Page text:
This is important, because a Facebook message is not ‘directed’ at anyone in particular and there is no nonverbal communication to be observed. Meaning that we are capable of creating an interpretation of an emotion that a text is written with, and unconsciously adapt that emotion as our own. This stresses the point that we need to be mindful when we watch the news or media in search of certainty. We might be absorbing unwanted emotions. Emotions that do not bring us the calm state we actually desire.
‘The greatest weapon against stress is our ability to choose one thought over another’
– William James
I believe it to be very helpful when we become conscious of the way we think and feel. An useful tool in doing so is to keep track of your emotions and thoughts. Whenever we are sad, anxious, angry, or fearful, we should write it down. Take notes of your surroundings, what you are doing, who you are with, who you were talking to just a few seconds ago, what you were reading or watching, etc.
By writing it down and becoming aware of the emotional state you are in, you create the opportunity to distance yourself from your emotions and observe them objectively. Did something happen for you to feel this way? Or is it something you saw or read? Did you witness an emotion from someone else?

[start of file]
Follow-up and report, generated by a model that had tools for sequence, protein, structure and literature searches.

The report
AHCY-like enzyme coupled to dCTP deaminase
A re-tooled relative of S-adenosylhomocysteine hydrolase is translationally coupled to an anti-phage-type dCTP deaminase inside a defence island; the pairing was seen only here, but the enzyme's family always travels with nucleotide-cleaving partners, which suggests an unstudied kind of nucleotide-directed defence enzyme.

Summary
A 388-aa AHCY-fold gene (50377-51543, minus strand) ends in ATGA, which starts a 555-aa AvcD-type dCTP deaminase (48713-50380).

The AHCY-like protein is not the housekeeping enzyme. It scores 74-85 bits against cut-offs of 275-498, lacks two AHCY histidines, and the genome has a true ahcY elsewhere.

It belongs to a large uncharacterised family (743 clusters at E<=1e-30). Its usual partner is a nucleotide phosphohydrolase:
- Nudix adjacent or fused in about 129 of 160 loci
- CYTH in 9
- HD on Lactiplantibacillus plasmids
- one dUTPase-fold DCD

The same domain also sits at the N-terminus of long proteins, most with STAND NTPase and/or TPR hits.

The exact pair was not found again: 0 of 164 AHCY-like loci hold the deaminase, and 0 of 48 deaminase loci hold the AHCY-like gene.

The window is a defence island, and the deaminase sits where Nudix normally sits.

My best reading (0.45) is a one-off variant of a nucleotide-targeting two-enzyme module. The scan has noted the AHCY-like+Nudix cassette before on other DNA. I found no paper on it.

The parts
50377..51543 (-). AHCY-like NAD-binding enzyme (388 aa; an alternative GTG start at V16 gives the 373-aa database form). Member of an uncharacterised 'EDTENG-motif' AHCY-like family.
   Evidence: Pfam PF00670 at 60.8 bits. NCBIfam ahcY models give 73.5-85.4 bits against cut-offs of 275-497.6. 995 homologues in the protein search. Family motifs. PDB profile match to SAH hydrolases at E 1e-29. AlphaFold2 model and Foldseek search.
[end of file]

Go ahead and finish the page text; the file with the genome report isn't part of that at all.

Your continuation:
There are other things we can do to face uncertainty and anxiety:
- Avoid ruminating: Whenever you start to feel bad, try to distance yourself from your emotions. You can try writing your thoughts down, just as I explained above. Figure out ways to notice when you start to get into a negative thinking spiral and what you can do to get out of it. Take action!
- Be kind to yourself: By taking care of yourself you can reduce your stress levels and improve the effectiveness of your immune system. Things like eating healthy, having enough sleep, exercise, reading, and learning something new. Even thinking of past successes and giving yourself the credit you deserve can help you reduce stress. All these things, and more, can benefit your health and state of wellbeing.
- Limit exposure to news: It is good to stay informed, however, if you notice that you are getting anxious or start to feel angry, try limiting your news intake. Try to avoid the subject on TV, social media, and even in conversations with your friends.
- Control what you can: When you focus on things that are within your control you can create an uplifting and calming routine. This can be things such as waking up at a certain time and read a book, or cook a nice healthy meal. It takes your mind of things.
- Seek social support: Social support increases your state of wellbeing. It is also good for your self-esteem, lightening the effects of emotional distress and improves your ability to cope with stressful situations.
If you have experienced this text to be helpful and insightful, please share it with others. Let us spread love and awareness together. Let me know what you think of this post in the comments below or send me an e-mail. I encourage you to share your experience or thoughts!